With many British fantasy/medieval films being made of late – some excellent (Christopher Smith’s Black Death) and some poor (Neil Marshall’s Centurion) – Ironclad is another in a long line of films that mostly seek to thrill in the way of battles and quests. They’re aimed at a very specific audience – mostly males that are as into science fiction as they are fantasy – and usually offer a lot in the way of production value but little in the way of intelligent plots (something only cinema suffers from to this extent, since current fantasy literature is brimming with narratives that are both highly clever and also feature brilliant battles – in particular, the work of Joe Abercrombie). Of course, this isn’t a fantasy film but rather historical realism of the medieval kind, but the two genres are often viewed as being synonymous to one another by fans since they offer very similar qualities.
It’s when these films step outside of their clichéd boundaries that they can achieve much more than the general, shameless, demographic-pleasing method allows. Black Death, for example, is a film with great characterisation, which is an acute meditation on the nature of religion and how devout belief can achieve both feats of great bravery and also completely ruin you just as easily. Ironclad panders towards the action side of the medieval genre very heavily indeed, to a degree leaving intelligence at the door as a result, but in the quality of its fight scenes and in a couple of other aspects, the film succeeds on the whole.
A retelling of the 1215 Battle of Rochester Castle, the film aims for historical accuracy (at least roughly), as it follows a small group of Knights Templar as they defend the castle against the tyrannical King John, believing he has forsaken the country and its people. The film addresses the idea of historical inaccuracy at one point, highlighting how history is always written by the winners/those in control of the records, as the King shouts: “Do not record that!” and slaps the parchment out of the documenter’s hands. Paul Giamatti dons the role of the vicious King John, playing the character in a comic book villain-esque manner, which, although effectively scary, feels a little cliché at times. The writers do try to implant some reasoning behind his harsh persona at one point, when his character explains that he was taught: “Any threat to the throne must be dealt with ruthlessly, for that is the only way to maintain the power of a King” – implying that his philosophy is one that was drilled into him in his childhood as a young royal. But even this can’t account for the over the top villainy and sadism that the character perpetrates.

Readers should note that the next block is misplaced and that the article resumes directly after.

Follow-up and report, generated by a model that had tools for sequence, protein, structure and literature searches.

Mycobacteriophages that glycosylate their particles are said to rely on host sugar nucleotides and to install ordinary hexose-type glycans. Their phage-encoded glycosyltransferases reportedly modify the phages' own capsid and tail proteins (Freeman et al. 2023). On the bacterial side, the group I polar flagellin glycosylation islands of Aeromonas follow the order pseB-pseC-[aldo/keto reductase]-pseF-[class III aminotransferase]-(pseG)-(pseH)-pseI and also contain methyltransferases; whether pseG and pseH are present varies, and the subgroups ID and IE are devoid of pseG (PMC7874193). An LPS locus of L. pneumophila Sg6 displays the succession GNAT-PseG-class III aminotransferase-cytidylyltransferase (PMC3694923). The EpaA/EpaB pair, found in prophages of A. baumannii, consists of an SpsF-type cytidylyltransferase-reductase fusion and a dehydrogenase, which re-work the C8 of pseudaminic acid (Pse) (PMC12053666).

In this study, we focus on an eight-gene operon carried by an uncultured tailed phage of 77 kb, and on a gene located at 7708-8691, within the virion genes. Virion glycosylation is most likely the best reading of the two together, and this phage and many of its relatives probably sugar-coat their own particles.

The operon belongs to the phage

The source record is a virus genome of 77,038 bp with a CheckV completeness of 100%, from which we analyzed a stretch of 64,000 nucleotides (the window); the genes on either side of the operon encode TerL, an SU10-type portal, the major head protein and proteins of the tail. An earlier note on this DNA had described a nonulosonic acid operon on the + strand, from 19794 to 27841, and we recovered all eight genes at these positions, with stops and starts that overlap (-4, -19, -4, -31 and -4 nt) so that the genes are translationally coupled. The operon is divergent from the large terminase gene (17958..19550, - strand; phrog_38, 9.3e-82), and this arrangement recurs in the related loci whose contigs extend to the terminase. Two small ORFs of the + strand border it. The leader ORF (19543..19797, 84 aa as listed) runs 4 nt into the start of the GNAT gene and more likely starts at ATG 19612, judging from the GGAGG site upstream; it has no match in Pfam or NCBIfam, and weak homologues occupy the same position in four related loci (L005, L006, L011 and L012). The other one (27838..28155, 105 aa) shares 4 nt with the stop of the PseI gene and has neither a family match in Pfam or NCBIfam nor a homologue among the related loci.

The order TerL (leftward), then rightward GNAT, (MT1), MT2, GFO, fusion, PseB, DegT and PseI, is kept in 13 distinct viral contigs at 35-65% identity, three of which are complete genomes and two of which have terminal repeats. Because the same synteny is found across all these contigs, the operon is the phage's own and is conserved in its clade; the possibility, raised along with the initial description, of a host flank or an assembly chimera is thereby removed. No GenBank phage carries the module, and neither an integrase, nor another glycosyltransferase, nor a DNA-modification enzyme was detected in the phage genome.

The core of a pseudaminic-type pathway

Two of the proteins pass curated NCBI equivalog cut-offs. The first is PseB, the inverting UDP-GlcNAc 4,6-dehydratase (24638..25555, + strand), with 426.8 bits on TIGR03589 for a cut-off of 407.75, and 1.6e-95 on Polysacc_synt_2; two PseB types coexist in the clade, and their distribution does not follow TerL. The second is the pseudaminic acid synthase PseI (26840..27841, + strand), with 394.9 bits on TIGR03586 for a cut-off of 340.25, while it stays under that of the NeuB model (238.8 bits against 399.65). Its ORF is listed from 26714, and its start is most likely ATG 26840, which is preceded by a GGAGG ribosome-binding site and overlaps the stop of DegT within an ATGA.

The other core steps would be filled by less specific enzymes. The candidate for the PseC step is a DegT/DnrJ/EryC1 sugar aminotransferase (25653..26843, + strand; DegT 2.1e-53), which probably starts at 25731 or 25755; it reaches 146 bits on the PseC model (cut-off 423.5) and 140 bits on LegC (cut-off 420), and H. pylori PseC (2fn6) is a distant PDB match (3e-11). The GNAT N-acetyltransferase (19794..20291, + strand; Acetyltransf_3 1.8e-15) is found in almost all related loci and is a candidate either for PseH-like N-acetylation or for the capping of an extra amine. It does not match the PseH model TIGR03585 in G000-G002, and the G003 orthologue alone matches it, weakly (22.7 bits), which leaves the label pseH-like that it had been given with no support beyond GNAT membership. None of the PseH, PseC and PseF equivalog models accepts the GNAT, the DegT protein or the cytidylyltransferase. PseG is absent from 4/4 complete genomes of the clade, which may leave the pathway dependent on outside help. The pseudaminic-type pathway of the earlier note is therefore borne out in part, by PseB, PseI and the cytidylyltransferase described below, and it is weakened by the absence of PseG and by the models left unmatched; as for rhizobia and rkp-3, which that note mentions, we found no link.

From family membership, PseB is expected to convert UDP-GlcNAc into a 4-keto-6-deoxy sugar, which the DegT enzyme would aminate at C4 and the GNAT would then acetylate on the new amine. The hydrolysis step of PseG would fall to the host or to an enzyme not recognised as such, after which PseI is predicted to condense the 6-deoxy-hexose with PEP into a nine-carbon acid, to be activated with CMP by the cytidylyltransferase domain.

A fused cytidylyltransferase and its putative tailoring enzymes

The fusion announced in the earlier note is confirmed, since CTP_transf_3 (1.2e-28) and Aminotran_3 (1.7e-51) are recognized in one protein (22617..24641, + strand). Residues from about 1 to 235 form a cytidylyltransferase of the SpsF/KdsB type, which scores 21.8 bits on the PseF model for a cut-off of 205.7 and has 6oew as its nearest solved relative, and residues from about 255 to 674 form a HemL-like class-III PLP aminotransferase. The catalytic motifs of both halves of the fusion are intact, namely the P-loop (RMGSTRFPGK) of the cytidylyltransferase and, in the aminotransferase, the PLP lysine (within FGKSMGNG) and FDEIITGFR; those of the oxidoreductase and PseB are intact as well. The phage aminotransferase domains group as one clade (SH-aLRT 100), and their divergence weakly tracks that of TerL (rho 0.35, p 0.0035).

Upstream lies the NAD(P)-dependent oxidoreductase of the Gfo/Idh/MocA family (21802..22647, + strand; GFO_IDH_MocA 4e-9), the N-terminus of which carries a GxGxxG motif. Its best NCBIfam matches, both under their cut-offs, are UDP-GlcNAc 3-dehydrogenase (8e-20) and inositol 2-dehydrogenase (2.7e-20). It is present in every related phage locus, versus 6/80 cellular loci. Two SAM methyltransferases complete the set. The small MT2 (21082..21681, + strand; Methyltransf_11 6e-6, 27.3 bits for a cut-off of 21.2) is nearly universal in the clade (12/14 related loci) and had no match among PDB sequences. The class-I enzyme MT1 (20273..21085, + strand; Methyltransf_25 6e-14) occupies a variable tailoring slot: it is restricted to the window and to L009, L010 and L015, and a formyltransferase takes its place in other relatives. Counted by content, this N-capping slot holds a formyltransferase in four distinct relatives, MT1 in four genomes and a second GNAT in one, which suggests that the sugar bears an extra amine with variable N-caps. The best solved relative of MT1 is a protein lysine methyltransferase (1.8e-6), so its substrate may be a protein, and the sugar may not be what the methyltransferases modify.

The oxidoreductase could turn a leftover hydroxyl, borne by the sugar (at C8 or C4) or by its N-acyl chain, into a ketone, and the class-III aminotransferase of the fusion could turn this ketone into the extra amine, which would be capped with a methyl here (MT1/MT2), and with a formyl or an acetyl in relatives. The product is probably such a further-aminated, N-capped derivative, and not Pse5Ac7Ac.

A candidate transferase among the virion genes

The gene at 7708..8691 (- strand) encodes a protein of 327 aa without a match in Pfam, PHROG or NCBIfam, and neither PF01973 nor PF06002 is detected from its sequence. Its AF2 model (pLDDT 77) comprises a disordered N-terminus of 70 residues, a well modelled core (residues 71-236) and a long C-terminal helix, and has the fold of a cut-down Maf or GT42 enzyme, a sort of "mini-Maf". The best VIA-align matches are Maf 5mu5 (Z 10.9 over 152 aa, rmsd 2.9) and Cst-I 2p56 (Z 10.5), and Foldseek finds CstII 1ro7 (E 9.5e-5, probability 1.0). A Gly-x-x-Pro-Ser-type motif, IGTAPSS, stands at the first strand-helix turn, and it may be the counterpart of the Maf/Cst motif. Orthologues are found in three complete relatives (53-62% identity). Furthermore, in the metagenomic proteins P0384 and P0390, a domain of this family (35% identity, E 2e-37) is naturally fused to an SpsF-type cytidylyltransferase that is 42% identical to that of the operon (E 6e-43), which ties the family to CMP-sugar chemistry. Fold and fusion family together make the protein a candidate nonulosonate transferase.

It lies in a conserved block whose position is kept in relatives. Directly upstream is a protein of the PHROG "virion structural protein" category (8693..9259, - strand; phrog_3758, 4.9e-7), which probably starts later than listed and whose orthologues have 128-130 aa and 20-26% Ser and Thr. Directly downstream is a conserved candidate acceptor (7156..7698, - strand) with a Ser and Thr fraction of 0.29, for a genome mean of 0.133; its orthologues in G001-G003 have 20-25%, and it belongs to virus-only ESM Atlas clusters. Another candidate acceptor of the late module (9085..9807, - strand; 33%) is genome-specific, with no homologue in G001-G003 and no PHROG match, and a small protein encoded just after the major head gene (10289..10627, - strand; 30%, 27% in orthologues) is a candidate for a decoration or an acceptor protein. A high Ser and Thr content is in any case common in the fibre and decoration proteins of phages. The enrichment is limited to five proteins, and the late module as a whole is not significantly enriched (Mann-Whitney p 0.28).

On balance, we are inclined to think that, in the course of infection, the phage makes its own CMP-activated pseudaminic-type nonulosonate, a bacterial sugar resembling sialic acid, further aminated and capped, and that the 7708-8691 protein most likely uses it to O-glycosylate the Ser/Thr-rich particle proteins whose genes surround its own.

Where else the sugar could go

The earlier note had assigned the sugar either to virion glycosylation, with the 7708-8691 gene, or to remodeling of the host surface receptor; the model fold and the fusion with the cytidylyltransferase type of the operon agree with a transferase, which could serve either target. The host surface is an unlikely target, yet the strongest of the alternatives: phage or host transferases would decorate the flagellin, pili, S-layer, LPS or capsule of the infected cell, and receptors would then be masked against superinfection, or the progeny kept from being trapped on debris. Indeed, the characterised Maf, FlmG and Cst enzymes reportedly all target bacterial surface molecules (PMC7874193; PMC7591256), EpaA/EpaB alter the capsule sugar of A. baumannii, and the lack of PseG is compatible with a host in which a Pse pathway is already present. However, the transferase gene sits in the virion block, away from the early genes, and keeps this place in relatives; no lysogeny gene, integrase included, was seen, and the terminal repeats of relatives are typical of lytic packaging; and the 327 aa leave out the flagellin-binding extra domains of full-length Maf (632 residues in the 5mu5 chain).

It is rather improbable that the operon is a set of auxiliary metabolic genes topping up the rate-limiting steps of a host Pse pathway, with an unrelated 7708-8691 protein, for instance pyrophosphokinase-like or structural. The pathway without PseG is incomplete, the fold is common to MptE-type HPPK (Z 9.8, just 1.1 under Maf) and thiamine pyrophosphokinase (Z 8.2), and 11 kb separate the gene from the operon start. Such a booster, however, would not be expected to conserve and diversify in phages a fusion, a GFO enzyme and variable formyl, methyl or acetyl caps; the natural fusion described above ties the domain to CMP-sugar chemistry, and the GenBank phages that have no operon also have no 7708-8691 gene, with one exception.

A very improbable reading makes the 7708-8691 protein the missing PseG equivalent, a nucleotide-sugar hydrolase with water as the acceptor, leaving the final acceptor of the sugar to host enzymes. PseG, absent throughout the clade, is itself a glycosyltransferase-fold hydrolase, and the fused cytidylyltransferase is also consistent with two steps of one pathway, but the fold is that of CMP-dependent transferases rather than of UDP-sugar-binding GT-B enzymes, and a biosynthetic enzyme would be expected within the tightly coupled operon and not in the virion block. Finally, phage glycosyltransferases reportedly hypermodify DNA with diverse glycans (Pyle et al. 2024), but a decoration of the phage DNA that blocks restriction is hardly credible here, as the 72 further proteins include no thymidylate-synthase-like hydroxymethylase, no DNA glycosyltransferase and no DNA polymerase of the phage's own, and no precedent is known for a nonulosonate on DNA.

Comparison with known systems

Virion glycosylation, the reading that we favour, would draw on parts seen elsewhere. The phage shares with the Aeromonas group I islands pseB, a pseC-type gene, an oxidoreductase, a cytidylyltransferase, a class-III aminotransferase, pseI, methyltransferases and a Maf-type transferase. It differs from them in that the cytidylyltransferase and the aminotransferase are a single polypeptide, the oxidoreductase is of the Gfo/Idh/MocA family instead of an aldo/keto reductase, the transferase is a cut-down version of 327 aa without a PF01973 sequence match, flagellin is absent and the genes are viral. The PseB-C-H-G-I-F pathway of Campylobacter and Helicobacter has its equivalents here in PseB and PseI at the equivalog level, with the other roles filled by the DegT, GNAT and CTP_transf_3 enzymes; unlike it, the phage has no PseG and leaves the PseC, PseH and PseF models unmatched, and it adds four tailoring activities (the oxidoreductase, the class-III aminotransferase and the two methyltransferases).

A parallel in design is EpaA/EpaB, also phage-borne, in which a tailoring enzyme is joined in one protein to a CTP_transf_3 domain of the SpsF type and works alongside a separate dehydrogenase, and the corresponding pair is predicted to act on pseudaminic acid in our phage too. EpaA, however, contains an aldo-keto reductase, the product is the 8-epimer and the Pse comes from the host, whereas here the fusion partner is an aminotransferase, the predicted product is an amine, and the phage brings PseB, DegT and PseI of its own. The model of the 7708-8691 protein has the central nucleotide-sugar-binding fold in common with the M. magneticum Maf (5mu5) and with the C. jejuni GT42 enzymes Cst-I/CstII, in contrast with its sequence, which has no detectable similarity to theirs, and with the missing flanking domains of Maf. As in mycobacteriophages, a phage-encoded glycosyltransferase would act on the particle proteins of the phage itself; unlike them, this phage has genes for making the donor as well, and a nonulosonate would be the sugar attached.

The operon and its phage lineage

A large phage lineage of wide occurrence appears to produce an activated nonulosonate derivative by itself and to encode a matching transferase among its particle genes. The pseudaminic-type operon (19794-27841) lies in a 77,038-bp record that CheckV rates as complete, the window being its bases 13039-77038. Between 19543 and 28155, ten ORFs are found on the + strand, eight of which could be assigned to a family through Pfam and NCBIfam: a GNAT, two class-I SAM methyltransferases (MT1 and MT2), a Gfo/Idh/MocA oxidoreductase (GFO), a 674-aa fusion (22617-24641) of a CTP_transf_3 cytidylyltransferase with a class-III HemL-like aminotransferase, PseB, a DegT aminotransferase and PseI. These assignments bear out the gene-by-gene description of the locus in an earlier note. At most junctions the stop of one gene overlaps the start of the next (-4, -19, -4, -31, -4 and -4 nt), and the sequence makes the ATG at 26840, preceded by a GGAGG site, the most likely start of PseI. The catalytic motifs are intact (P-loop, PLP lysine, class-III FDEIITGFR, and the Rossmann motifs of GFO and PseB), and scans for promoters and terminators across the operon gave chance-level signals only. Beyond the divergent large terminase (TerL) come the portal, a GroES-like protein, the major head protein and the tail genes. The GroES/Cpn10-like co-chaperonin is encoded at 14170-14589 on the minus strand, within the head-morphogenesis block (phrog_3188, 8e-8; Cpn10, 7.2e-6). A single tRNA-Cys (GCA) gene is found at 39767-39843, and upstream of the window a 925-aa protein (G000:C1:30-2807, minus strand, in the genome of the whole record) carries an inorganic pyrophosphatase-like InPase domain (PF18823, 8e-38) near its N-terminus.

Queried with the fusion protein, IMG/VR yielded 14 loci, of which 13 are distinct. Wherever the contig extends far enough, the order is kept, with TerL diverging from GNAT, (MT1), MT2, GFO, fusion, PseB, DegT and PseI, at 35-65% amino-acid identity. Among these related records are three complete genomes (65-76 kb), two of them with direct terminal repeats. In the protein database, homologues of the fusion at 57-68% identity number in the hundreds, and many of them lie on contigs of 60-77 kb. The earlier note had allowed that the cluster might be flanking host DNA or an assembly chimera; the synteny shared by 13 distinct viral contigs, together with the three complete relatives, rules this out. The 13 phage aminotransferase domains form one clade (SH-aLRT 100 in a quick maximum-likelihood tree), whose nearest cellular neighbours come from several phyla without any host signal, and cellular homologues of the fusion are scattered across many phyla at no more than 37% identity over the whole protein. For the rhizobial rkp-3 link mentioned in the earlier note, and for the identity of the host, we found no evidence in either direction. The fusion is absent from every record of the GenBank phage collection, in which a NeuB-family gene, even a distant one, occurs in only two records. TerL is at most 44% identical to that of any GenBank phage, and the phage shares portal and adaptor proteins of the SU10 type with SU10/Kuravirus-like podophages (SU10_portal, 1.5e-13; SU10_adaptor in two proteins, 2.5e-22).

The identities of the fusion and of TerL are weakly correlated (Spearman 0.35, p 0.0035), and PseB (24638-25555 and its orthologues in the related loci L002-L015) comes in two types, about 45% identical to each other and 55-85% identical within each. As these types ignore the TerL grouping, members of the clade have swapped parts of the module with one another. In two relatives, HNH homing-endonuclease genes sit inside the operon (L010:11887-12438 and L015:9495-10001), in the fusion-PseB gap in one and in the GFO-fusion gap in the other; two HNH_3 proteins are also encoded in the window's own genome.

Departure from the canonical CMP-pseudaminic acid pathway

Purefoy plays even more surly and grizzly a character than usual, but does so with great effectiveness and serves as a worthwhile hero to root for throughout the hellish slaughtering that befalls his group. It is easy to see why Kate Mara was selected for the role – her beauty makes believable her eventual seducing of Purefoy’s character Marshall despite his vow of abstinence to God, and she also carries enough feistiness to her to pull off the few battles scenes that her character takes part in. The film even actually questions the logic behind vows of abstinence a little, with Mara’s Lady Isabel arguing that surely love couldn’t be seen as a sin in God’s eyes. Brian Cox and the rest of the recognisable but throw-away English cast are all serviceable enough in their smaller roles.
It’s the film’s competence in the way of action as well as its sombre tone that make it succeed. The battles are fast and very brutal, as Marshall’s group face off not only against the King’s men, but also against the King’s hired Danish allies. It earns its 18 certificate easily; limbs are chopped off left and right, both in battle and as a method of torture. The success of Purefoy’s character Marshall is its other strength. He utters few words throughout the entire film, but when he does he comes out with some highly quotable lines, such as when he is asked indirectly if killing is noble, he states: “Not even when it is for God.” And his final line is equally as honourable and memorable. The plot is average up until Marshall’s group are forced to lock themselves in the keep. From then on the film picks up in quality a little and doesn’t let up until its close, the tension and stakes building rapidly.
This is far from anything exceptional, but it’s a good film that will satisfy fantasy/medieval fans with the quality of its battles, the charm of its discourse, and a sombre tone that matches the horror of its events well.
Ironclad is out on DVD and Blu-ray now – order it here